Video killed the radio star :-)

I must say there are some things that I am not sorry to say goodbye too….the British soap tv series are such a bore… what a waste of time, all those 1000s of people just sitting there 3-4 times a week vegetating their life away in front of the tv… good!

“Today EastEnders (the famous British soap) is menaced by something far more dangerous than a rival show and way deadlier than any serial killer dreamed up in a script meeting: the digital revolution that’s wreaking global havoc in industries as diverse as broadcasting, newspapers, magazines, film and music. Challenged by technologies that allow anyone to read news, watch TV or listen to music on a bedroom computer (or to make these things oneself for consumption by other people on the same computer), these businesses are frantically scrambling to reinvent themselves. EastEnders must now fight for an audience not just with other terrestrial channels but with cable and satellite stations, while younger Brits spend more and more of their time trawling online sites like YouTube and Facebook. Mark Byford, the BBC’s deputy director general and the Corporation’s head of journalism, says there’s a noticeable “falling away” of large swathes of TV viewers who are “under 35 and especially under 25.” The BBC derives 78.5% of its $8.5 billion income from an annual license fee of $275 payable by any household equipped to receive TV; in return, it’s obliged to cater to all ages and socio-economic groups. “In a world of fragmentation, a world of more choice, of a revolution in how people are accessing content, one of our big, big challenges is to hold that reach,” Byford says. Read more….

Blogging and digital cocktail parties..?.

What do you think? I really think this analogy is a bit of an over exaggeration, digital cocktail parties indeed, can someone or something digital throw a piña colada in my direction please… 😉

“Yesterday the European Network and Information Security Agency (ENISA) presented a number of recommendations on how to improve data privacy at Social Networking Sites (SNS) at the eChallenges conference in The Hague. These networks were like digital cocktail parties, at which one met many people, partook of copious amounts of alcohol and after which one was liable to wake up with a terrible hangover the next day, ENISA writes in its first detailed position paper (PDF file).” Read more…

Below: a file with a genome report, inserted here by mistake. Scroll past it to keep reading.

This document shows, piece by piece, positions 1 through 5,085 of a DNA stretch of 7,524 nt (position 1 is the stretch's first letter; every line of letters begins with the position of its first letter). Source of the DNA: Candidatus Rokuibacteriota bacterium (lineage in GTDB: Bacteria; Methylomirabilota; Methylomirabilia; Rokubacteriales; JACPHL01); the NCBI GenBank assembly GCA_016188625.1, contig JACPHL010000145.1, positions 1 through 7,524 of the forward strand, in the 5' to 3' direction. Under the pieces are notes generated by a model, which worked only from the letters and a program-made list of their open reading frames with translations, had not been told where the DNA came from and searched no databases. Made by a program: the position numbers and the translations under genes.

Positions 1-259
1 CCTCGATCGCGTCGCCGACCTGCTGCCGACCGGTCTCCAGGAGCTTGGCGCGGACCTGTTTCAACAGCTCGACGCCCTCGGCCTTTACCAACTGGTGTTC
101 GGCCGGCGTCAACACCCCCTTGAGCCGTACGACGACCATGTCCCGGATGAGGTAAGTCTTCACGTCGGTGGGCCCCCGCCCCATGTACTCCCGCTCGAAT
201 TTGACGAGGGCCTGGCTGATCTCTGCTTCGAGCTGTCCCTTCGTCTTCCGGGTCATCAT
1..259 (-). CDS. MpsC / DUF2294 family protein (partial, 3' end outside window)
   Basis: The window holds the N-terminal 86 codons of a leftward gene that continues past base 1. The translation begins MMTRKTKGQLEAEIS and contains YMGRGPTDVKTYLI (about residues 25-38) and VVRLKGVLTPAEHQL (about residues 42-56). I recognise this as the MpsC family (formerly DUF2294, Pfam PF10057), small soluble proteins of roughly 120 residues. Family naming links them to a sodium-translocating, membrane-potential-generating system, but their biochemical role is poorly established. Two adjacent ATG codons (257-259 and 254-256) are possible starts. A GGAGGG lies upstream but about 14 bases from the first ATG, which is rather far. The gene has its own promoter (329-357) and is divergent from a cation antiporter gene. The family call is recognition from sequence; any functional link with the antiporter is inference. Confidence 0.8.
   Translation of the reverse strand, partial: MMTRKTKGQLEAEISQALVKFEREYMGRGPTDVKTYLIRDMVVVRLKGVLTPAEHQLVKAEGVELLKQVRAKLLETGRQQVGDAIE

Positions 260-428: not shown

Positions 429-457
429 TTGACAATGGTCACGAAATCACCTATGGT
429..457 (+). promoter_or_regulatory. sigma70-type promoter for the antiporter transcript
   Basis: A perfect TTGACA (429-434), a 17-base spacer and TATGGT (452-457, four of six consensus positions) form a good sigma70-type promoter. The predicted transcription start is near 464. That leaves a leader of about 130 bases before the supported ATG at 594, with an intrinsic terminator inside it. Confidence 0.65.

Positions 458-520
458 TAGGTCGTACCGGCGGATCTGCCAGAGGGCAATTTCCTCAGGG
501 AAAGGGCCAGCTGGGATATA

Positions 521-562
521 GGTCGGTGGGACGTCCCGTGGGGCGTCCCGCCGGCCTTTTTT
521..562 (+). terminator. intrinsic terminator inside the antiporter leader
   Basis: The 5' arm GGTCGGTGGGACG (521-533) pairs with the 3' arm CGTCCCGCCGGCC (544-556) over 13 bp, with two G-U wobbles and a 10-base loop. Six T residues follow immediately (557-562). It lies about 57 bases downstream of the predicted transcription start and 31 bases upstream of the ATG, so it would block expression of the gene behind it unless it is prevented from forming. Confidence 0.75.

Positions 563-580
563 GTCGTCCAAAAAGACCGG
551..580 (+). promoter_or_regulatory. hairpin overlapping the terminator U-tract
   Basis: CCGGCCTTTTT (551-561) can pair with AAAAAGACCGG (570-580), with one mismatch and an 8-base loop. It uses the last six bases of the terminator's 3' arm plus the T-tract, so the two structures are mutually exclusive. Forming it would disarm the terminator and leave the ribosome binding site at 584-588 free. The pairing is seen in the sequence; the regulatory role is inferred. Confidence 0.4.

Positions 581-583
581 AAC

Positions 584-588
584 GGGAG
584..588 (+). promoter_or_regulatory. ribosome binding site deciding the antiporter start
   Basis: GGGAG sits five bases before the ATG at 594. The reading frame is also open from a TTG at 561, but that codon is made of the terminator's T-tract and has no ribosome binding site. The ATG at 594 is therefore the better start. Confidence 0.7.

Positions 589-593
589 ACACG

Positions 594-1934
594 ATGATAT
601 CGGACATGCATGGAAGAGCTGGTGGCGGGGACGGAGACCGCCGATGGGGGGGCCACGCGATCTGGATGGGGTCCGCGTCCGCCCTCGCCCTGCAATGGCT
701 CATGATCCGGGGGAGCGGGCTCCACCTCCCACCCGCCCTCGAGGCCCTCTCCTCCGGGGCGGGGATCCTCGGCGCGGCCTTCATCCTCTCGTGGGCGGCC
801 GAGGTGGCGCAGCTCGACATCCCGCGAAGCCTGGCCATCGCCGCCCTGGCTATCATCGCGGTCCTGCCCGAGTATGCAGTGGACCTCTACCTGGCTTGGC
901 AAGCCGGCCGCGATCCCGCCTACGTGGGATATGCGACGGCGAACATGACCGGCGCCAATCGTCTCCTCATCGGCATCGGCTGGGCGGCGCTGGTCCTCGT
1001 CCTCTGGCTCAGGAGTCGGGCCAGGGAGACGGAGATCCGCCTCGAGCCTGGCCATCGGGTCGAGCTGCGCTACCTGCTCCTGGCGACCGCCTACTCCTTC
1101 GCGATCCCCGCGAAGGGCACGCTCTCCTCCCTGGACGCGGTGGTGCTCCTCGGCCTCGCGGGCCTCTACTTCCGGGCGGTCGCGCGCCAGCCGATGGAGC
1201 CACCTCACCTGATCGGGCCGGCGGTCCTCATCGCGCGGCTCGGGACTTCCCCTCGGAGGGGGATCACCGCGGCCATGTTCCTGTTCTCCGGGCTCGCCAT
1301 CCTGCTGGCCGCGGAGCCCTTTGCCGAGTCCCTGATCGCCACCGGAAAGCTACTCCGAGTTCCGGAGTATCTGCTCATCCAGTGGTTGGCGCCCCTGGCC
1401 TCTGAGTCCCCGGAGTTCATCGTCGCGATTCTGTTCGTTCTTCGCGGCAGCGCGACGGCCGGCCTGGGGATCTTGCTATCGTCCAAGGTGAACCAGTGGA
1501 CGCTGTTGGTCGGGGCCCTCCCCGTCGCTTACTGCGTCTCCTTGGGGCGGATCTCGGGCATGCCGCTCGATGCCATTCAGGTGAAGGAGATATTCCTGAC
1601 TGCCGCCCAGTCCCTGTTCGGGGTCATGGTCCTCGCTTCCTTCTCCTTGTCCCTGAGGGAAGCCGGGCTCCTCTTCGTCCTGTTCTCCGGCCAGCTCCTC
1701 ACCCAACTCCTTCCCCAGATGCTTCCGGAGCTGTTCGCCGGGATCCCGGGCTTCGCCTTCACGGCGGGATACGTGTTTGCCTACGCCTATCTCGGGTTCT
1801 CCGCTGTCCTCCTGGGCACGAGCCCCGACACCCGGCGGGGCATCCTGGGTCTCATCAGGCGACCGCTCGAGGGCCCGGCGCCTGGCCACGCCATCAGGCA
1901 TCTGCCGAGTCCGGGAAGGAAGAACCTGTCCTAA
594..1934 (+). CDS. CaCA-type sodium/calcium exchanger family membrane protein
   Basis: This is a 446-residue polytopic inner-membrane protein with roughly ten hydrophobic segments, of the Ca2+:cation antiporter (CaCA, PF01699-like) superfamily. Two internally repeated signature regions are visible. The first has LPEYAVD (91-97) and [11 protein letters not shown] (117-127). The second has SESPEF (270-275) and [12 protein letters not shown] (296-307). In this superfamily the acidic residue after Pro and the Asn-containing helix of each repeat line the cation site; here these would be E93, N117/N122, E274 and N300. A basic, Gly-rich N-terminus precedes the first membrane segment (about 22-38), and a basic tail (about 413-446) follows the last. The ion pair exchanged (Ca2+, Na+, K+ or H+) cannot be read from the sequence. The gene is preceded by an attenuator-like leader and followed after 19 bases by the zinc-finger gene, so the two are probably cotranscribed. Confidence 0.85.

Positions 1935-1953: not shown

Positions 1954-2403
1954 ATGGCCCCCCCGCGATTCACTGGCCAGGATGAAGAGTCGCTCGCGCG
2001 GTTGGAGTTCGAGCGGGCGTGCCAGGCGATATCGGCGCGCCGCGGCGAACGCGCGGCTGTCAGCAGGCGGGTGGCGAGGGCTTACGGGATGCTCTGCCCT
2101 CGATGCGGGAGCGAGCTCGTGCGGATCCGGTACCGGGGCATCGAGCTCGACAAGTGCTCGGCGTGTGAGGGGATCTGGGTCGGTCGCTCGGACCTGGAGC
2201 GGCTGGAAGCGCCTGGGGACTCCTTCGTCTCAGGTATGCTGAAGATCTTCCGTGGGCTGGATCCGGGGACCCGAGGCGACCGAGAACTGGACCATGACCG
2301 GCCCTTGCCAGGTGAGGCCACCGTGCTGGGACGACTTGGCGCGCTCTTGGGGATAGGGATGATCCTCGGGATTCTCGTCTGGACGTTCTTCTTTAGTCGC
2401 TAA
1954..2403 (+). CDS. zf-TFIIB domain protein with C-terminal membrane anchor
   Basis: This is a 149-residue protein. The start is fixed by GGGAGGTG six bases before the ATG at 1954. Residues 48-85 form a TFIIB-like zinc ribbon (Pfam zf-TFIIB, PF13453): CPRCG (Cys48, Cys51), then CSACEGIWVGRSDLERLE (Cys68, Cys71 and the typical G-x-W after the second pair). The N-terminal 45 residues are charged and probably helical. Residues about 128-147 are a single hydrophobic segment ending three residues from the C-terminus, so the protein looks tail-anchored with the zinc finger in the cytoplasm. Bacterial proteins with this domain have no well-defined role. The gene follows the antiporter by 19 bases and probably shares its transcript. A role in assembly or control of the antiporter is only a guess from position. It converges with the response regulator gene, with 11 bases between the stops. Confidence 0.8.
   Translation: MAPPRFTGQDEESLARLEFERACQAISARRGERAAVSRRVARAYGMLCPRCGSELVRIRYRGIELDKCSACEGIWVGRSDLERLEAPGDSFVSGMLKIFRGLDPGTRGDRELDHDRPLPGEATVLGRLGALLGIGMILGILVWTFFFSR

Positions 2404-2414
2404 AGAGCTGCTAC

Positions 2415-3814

Software Universe Barcelona

I’m going to be presenting at HP’s Software Universe in Barcelona end of November. I will be talking about HP’s ISSM framework for Information Security Management. (ISSM stands for Information Security Systems Management.) This is a new concept developed of which I am part of the team in formalizing -just as we did with ITIL using ITSM- the process of information security management. So see you there, if are planning to come. Should be fun!

Does your online history matter?

Do you agree with this?

“I just celebrated my ten-year blogging anniversary. I started blogging when I was 19, and before that, I regularly posted to public mailing lists, message boards, and Usenet. I grew up with this technology, and I’m part of the generation that should be embarrassed by what we posted. But I’m not—those posts are part of my past, part of who I am…..”

Read more of this posting from danah boyd. It is another and extremely interesting viewpoint on the issue of how our reputation could be influenced by our online activities, particularly when it refers to today’s teenagers and what they want to achieve tomorrow. Reading this I wonder if it is us, are we -my generation and older- just too inhibited by society norms… and the online social networking space is just throwing these to the wind! Maybe it’s a good thing?

Class distinctions online

Does anyone really believe this?

Facebook users tend to be more affluent, with its users skewing towards households earning over $60,000 per year, while MySpace users skew toward lower income levels, with 12% more of its users earning under $60,000 per year. Using the psychographic system Mosaic to track U.S. Internet users, it’s clear that there’s a class distinction between users of the two social networks. Facebook’s most predominant group of visitors in Mosaic is “affluent suburbia,” a group that Mosaic describes as “the wealthiest households in the U.S., living in exclusive suburban neighborhoods enjoying the best that life has to offer.” The predominant group for MySpace, on the other hand, is “struggling societies,” or households that are primarily single parent, single income, raising families on lower incomes and tight budgets. Read more…